Mice are nest builders and will make nests from their bedding to sleep in and have babies in.
   For water, you can use a water bottle with a hanger that allows mice to get water whenever they are thirsty.
   Clean cages thoroughly with hot water at least once a week and change the bedding at least twice weekly.

Care and feeding:

   Mice need a completely balanced diet. This includes carbohydrates (whole oats, hay, stale bread), vegetables (lettuce, carrots, peas, etc), and protein (such as dog biscuits). An easy way to feed mice is to get the formulated mouse foods available at pet stores, which have all the vitamins and minerals that mice need.
   Mice do enjoy treats, and things such as fresh vegetables, sunflower seeds, cheese, jam, and fruit and grain bars from pet stores will be much appreciated. Feed them once a day in a small china or pottery dish and remove any uneaten fresh food at the end of the day. Clean the food dish thoroughly with hot water at least twice weekly.
   Mice also have constantly growing teeth, and so should be provided with something to chew on to keep them in good chewing condition. Hard nuts, such as acorns and walnuts work, and also flavored wood sticks from pet stores. Make sure that mice have a constant supply of water. Commercial water bottles are probably the best choice.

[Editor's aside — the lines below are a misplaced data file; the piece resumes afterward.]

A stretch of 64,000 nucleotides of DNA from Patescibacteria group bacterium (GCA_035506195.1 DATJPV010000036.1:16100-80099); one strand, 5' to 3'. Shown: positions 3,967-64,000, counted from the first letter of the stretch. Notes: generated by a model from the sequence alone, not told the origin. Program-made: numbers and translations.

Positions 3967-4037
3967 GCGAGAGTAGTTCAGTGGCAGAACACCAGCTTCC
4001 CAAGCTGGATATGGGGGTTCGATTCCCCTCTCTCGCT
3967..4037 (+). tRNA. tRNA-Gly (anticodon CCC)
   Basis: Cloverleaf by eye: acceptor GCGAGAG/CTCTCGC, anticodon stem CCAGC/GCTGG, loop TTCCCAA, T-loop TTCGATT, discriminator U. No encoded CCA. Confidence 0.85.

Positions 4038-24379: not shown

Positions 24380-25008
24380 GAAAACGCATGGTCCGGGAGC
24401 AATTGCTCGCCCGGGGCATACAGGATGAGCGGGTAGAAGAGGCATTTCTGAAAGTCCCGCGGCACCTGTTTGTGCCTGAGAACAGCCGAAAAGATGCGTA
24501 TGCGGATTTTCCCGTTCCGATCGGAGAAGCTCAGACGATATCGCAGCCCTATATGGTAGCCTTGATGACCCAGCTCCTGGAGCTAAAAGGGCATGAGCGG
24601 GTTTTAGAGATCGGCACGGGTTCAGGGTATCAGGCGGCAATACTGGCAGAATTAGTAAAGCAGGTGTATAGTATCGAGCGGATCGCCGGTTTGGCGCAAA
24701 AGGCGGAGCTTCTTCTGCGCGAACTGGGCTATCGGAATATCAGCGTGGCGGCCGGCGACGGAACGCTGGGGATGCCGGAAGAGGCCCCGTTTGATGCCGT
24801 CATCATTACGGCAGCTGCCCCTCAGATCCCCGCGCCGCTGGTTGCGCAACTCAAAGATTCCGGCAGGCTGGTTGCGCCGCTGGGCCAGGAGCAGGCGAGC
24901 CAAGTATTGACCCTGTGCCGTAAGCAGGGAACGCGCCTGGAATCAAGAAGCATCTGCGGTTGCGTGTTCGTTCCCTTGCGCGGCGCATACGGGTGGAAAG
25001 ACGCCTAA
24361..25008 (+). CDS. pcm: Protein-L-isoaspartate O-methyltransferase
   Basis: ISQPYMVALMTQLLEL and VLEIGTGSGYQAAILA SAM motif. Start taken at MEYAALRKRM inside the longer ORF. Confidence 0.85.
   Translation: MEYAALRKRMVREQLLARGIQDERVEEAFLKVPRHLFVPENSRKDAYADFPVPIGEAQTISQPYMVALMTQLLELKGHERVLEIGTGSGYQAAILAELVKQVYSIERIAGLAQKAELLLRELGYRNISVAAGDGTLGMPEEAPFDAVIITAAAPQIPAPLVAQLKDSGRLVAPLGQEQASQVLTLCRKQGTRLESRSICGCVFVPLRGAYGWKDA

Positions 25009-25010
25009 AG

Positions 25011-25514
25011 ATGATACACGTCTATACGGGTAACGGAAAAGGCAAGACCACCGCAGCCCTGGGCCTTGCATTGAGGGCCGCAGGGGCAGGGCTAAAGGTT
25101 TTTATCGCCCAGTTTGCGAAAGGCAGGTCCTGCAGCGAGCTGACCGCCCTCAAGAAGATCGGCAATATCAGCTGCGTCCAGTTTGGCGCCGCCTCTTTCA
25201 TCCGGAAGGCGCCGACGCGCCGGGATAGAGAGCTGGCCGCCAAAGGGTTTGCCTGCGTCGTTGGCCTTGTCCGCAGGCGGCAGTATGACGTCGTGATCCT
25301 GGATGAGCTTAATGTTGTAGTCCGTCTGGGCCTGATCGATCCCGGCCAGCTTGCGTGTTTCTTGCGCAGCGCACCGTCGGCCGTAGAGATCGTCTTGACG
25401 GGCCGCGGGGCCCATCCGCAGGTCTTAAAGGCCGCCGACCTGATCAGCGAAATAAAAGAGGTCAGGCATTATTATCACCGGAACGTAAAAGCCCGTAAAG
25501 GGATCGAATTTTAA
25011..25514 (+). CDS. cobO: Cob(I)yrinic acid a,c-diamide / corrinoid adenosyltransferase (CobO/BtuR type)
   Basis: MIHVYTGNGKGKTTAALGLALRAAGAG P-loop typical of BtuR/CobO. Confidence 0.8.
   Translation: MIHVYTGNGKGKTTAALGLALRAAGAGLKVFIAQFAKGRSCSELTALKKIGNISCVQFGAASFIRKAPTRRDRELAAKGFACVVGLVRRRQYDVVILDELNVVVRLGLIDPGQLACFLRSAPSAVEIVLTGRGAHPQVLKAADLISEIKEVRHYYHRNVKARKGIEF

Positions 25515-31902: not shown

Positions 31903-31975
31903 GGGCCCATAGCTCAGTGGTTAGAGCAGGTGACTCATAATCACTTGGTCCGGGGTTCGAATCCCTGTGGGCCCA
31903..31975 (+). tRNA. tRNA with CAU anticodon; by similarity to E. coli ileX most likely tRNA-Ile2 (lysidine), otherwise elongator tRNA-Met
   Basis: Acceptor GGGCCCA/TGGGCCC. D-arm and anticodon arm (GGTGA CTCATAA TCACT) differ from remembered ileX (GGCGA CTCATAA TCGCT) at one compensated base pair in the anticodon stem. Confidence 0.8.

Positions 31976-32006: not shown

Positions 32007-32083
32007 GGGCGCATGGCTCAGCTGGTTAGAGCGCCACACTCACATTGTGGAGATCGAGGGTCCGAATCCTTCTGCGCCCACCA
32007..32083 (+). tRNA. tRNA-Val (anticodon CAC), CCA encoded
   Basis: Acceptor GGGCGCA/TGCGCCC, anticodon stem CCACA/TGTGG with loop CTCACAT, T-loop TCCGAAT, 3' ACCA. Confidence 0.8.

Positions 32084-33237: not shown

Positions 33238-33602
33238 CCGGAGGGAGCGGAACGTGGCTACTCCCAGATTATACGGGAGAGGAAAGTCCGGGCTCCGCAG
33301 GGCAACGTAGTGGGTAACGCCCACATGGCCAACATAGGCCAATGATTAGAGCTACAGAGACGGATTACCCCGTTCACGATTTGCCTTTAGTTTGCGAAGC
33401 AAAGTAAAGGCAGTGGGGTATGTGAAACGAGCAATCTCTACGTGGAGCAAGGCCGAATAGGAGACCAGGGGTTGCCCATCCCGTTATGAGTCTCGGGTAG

Social Behaviors:

   Mice are very sociable creatures and like to have company. One mouse can do fine as a pet, but they appreciate having friends of their own kind as well. Most mice get along fine with each other, but you should watch out putting males together (unless they grew up together), because they will tend to fight, especially if females are present. Usually females can be put together with no ill effects.
   Mice are great with children, but they should be kept away from the other pets of the house (dogs, cats, birds). They should also be kept away from other rodents such as rats, because rats are their natural predators.

Handling and Training: